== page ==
The Almighty’s Element of Surprise

November 13, 2010

Anybody can make the simple complicated.  Creativity is making the complicated simple.  Charles Mingus

I’ll one up Mr. Mingus.  It takes genius to make the complicated simple.  C.S.Lewis is my favorite “mortal” creative genius; his Chronicles of Narnia are the Occam’s Razor of biblical metaphor.  Two of Lewis’s quotes – one from The Lion, the Witch and the Wardrobe and the other from Prince Caspian have become my mental mantras to remind me that God is THE creative genius:

Enhanced by ZemantaAt the end of the story Lucy creeps back to the wardrobe but finds she cannot reenter Narnia.  Unknown to Lucy the Professor is sitting in the corner; take a look:

http://www.youtube.com/watch?v=hCRfyDXitgI


“It will probably happen when you’re not looking for it.”  Absolutely!  It (whatever we want to happen) never happens when we’re looking for it.  God always shows up in an unexpected way, and at an unexpected time with his unexpected solution.

Which leads to my second favorite quote, this time from Prince Caspian:

“Nothing happens the same way twice.”  If it’s true that IT will happen when we’re not looking for it, and IT will be different than anything we have ever experienced or imagined, then we can assume and rejoice in the fact that The Almighty loves the element of surprise.  The only catch is, we’ve got to trust Him that he is in control and knows what He’s doing.

If we believe He’s “all that”, which of course He is, then we can follow the Professor’s advice with my third favorite quote (surprise, there’s three) when he suggests to Lucy that it’s “best to keep your eyes open.”

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The Call to Highly Improbable and Infinite Possibilities

July 15, 2008

 

At the call, Levi leaves all that he has – but not because he thinks that he might be doing something worth while, but simply for the sake of the call.  Otherwise he cannot follow in the steps of Jesus.  This act on Levi’s part has not the slightest value in itself; it is quite devoid of significance and unworthy of consideration.  The disciple simply burns his boats and goes ahead.  He is called out, and has to forsake his old life in order that he may “exist” in the strictest sense of the word.  The old life is left behind, and completely surrendered.  The disciple is dragged out of his relative security into a life of absolute insecurity (that is, in truth, into the absolute security and safety of the fellowship of Jesus), from a life which is observable and calculable (it is, in fact quite incalculable) into a life where everything is unobservable and fortuitous (that is, into one which is necessary and calculable), out of the realm of finite (which is in truth the infinite) into the realm of infinite possibilities (which is the one liberating reality)….Beside Jesus nothing has any significance.  He alone matters.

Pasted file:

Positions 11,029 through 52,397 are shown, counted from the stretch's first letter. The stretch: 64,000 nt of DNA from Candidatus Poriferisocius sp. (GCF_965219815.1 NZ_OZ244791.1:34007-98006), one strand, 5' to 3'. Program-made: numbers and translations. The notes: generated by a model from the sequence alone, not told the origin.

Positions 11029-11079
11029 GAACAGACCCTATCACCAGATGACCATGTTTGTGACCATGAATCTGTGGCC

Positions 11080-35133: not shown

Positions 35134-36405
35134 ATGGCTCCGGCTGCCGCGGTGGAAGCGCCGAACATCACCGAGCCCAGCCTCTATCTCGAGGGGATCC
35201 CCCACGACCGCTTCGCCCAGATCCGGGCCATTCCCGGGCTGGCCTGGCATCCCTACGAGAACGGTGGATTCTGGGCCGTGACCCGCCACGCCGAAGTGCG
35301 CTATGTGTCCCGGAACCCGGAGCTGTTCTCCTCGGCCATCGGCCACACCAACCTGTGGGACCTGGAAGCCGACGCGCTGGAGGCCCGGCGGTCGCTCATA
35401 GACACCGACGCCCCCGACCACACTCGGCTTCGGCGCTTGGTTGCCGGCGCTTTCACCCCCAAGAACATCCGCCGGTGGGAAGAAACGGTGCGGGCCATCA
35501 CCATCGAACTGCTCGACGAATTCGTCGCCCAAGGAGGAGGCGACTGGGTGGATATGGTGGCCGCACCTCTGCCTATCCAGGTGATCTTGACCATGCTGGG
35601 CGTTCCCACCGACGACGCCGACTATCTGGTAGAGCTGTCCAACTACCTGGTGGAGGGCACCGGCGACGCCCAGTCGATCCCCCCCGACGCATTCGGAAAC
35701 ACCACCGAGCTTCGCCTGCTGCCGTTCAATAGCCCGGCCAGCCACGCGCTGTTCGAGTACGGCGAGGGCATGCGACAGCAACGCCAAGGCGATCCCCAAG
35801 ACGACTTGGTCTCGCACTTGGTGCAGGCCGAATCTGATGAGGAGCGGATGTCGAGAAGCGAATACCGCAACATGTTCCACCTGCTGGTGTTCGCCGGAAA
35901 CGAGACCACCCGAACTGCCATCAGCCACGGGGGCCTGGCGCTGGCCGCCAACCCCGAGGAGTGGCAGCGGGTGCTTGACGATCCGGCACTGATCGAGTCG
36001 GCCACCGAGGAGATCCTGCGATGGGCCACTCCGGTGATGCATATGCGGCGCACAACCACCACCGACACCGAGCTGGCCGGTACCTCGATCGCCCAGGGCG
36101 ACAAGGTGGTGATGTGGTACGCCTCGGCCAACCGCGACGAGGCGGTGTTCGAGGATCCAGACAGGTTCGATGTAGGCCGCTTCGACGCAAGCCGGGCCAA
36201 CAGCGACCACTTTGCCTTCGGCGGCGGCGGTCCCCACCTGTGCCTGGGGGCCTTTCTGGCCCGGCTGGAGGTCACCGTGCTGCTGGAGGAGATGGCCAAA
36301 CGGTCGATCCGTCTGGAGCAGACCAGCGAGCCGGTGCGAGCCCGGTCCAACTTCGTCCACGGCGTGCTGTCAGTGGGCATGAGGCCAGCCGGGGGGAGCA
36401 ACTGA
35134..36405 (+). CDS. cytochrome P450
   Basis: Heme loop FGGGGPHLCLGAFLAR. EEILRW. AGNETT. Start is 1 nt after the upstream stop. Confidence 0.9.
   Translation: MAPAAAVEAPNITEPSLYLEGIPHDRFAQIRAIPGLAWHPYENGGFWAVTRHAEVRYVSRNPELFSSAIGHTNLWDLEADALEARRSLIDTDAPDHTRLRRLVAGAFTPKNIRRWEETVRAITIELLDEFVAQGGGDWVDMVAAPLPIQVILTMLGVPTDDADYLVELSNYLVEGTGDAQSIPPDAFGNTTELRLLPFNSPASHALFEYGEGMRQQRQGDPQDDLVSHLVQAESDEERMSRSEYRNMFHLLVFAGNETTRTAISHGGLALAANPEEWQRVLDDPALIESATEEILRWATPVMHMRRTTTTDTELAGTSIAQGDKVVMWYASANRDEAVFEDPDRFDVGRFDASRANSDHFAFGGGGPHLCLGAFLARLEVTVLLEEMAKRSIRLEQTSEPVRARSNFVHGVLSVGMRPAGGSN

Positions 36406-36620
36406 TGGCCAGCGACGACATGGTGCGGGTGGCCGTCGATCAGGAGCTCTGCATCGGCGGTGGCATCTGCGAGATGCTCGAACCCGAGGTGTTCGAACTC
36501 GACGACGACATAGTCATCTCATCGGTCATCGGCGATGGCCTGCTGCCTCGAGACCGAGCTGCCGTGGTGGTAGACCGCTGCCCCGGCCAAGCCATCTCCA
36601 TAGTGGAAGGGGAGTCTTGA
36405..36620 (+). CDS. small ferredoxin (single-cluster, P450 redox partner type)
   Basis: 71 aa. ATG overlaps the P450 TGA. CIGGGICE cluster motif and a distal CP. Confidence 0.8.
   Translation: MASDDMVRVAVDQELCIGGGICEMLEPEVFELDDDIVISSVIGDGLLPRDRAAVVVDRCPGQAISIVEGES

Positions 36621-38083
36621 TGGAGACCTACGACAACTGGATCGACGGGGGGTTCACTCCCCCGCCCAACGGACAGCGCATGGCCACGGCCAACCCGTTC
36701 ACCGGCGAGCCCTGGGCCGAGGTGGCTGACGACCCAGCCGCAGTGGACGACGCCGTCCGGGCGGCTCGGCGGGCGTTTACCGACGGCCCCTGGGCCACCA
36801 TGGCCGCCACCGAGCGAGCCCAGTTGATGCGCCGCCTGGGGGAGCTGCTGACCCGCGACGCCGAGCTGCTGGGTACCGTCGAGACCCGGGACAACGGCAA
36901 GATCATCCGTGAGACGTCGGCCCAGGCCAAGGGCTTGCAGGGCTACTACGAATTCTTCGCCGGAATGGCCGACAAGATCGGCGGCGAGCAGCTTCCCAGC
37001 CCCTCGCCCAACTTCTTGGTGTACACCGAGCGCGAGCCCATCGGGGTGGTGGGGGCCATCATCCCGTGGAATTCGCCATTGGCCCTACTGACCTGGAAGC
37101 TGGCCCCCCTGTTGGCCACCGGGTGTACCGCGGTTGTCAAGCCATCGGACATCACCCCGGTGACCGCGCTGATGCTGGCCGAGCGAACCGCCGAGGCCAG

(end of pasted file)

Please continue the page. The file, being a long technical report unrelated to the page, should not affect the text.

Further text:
Os Guinness

Entrepreneurs of Life

 

“Will we ever go back?”  Lucy asked.

“I should think so; but it will probably happen when you’re not looking for it.”

 

Lucy and the Professor in The Lion, the Witch, and the Wardrobe

 

What happens when you combine the highly improbable (Black Swan) with infinite possibilities (The Mystery Box)?  Well if you believe there is no God, you experience the perpetual perception of chaos with the sense that your feet are firmly planted in mid-air.  If on the other hand you believe in God (and his Son) you can experience what Levi (Matthew) did when Jesus looked at him and said, “Follow me.”  In other words, you hear His call. 

 

What can appear as an existence of continual uncertainty is, to the Christian, a world of Adventure with incalculable and infinite possibilities.  As those who believe, all we have to do is prepare…prepare, and listen.

 

We can help our young men to be ready for His call; we can encourage them to embrace a future with highly improbable and infinite possibilities.  We can teach them the Heavenly Hat Trick.